The Bihar election schedule was not announced on Tuesday as planned. The Election Commission — Chief Election Commissioner Nasim Zaidi and two Election Commisioners , AK Jyoti and Om Prakash Rawat — met on Tuesday to take a final call on dates and number of phases. The announcement of Bihar polls by the EC is now expected on Wednesday, sources said.
Deciding on the poll schedule is tricky for the Election Commission considering that some big festivals fall in the months of October and November — Dussehra, Lakshmi Puja, Kali Puja, Diwali, and Chatt. It looks like the time between the announcement of the election schedule and notification of polls will be shortened, the way it happened during Maharastra and Delhi assembly polls. This means that the political parties will have to hurry in finalizing names of their candidates, at least for the first phase of polling.
The elections are expected to be held in multiple phases which may begin in mid-October and stretch till November. Last assembly elections in 2010 were held in six phases and continued for 30 days. Results were declared in the following four days. This time the poll schedule could follow the same pattern.
The electoral bugle has already been sounded both by the BJP-led NDA and the grand alliance of the rival secularist parties – RJD-JD(U)-Congress. With the announcement of poll schedule, model code of conduct will be immediately in effect, which necessarily means no official announcements, which may have a bearing on influencing voters mind, can be made till the elections are over.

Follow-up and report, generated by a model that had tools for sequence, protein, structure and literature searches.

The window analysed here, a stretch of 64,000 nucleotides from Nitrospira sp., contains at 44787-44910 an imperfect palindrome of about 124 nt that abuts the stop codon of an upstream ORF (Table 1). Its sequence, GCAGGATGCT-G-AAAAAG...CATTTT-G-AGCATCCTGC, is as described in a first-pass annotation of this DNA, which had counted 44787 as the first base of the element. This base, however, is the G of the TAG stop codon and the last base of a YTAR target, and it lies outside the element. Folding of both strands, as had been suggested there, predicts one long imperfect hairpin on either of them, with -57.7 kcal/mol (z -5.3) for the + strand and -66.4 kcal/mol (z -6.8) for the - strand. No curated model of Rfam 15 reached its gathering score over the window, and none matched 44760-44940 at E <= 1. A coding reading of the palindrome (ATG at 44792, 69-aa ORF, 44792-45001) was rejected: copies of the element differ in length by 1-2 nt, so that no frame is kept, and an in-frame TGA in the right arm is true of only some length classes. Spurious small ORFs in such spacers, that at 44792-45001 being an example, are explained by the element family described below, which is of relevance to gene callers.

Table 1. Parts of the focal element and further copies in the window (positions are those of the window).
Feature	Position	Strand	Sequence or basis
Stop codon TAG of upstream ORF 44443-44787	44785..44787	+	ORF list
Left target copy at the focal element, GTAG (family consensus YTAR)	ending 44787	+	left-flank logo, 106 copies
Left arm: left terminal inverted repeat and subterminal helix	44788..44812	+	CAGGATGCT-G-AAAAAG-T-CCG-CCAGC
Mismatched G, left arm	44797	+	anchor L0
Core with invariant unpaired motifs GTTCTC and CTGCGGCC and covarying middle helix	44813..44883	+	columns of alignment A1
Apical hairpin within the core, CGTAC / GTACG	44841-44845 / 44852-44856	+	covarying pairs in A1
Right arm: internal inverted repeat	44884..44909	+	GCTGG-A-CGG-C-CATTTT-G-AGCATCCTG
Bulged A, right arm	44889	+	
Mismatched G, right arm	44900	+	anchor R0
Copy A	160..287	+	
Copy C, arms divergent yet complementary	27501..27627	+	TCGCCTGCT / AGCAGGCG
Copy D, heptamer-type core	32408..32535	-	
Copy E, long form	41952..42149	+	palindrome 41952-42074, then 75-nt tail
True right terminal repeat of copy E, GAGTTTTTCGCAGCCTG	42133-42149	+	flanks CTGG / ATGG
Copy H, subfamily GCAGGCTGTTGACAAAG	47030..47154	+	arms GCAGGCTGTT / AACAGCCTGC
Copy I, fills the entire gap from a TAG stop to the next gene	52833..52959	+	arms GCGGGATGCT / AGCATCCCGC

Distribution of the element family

Prime Minister Narendra Modi had four major‘parivartan’ rallies in Bihar. He also had two official outings in Patna and Ara, where he announced a number of central schemes for development of Bihar, including a special package of Rs 1.65 lakh crore.
The announcement led to a war of words between the BJP and Bihar Chief Minister Nitish Kumar. Nitish countered PM’s offer with a Rs 2.70 lakh crore development plan in the next five years that would include free electricity and drinking water connection in every household.
The expected poll schedule announcement was one of the reasons why Modi government announced the implementation of One Rank One Pension scheme on Saturday. Though the number of ex-servicemen in Bihar is not as huge as compared to states like Haryana, Punjab, Utrakhand, Himachal Pradesh, it gives a big talking point for the BJP in convincing voters that the Prime Minister delivers on his promises.
Recent developments at the Centre and the way campaigning for Bihar elections have shaped up in the state, clearly suggest that these elections will not merely decide who gets to rule the state for the next five years. The results will have a significant bearing on national politics. The Bihar election results will also shape the way in which the Winter Session of Parliament will proceed.
The stakes are high for both Narendra Modi and the rival secularist brigade, notwithstanding the fact that one of the foremost secularist icon and titular head of fractured Janata Parivar, Mulayam Singh Yadav decided to take a separate path and contest Bihar elections on his own. Even before the Samajwadi Party dumped Janata Parivar, it was Sharad Pawar-led NCP which decided to walk out of the alliance over seat-sharing issues.
All eyes are on AIMIM’s Asaduddin Owaisi – whether or not he fields candidates. Owaisi had a rousing rally in Muslim dominated Kisanganj, where he had indicated that his party might contest on 25 seats. But there is no official confirmation on that yet. There is a great deal of concern on RJD-JD(U)-Congress camp on Owaisi’s prospective move. The BJP-led NDA is looking at Owaisi’s moves with heightened curiosity.
While the nation will be hooked to heat and dust raised during polling in Bihar, Narendra Modi will have to stretch on his physical strength as he would be fasting for 10-days during Navaratri, the time when the campaigning would be at its peak. Will an aspirational Bihar think differently in these elections or will it opt for what Lalu Yadav claims isMandal Part II?
Courtesy: First Post